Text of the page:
In the wake of the novel Coronavirus pandemic, which has significantly disrupted production and supply lines for tech companies, Apple, according to industry reports, is looking to move a sizeable portion of its production from to India from China. The move, analysts say, could potentially make the tech giant India’s largest exporter.
The iPhone maker is apparently considering making up to $40 billion worth of smartphones over the next five years through manufacturers Wistron and Foxconn, according to a report in the Economic Times, citing a government official.
In December last year, Indian Prime Minister Narendra Modi had met senior executives of Apple, Samsung, and domestic phone manufacturer Lava to initiate the process.
“India isn’t a big market for Apple as the company sells only a fraction of its total output in India. It is actually looking at India as a base to manufacture and export, essentially diversifying its production out of China,” the Economic Times quoted an official as saying.
The tech giant sells phones worth about $1.5 billion in India, of which a third or about $500 million is made locally. To view it in perspective, Apple in 2018-2019 manufactured about $220 billion worth of merchandise in China, with $185 billion of that exported.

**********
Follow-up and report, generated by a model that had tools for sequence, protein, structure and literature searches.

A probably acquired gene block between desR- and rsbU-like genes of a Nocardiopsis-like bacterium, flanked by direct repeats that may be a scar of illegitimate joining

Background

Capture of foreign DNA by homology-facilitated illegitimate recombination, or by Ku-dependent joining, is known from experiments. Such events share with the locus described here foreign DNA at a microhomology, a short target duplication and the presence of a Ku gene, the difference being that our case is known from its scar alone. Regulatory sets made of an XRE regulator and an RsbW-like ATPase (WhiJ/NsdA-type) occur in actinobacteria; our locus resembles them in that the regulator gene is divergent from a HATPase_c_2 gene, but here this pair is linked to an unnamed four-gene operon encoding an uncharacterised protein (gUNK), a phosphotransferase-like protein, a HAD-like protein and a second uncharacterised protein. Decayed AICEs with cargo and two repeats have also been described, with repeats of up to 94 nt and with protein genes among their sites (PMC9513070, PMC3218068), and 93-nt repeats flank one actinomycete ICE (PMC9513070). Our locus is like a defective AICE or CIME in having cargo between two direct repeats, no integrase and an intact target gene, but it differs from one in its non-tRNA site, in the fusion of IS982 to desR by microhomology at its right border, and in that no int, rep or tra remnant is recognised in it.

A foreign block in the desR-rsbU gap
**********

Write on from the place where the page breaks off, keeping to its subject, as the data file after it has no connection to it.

Earlier, at the end of April, on an earnings call covering the second fiscal quarter of 2020, Apple CEO Tim Cook had said that Apple was continuing to operate under the circumstances — of the global pandemic — and that Apple employees were getting used to the new mode of working from home. “In some areas of the company, some people may be even more productive,” he said, adding, “In some areas, not as productive. It’s mixed depending on what the roles are.”
Referring to innovation, Cook said that Apple employees were committed to working as usual. “New products are our lifeblood. We’re continuing to work. As you can tell from what we did this quarter despite the environment, we have our heads down and are working because we know our customers want the products that we’ve got. They’re even more important in these times.”
Referring to Apple’s supply chain and how well it was equipped to launch traditional fall products, Cook said that Apple’s products were manufactured everywhere rather than focussing on the final assembly of the manufacturing process. “We have to conclude that if you look at the shock to the supply chain that took place this quarter, for it to come back up this quickly really demonstrates that it’s durable and resilient. I feel good about where we are. That said, we’re always looking at tweaks, it’s just not something we talk about,” Cook said.
In his remarks, Cook added that Apple was also going to “look to see” what could be learnt from the current situation and how that could be used to usher in substantive change after Apple gets “totally out of this”.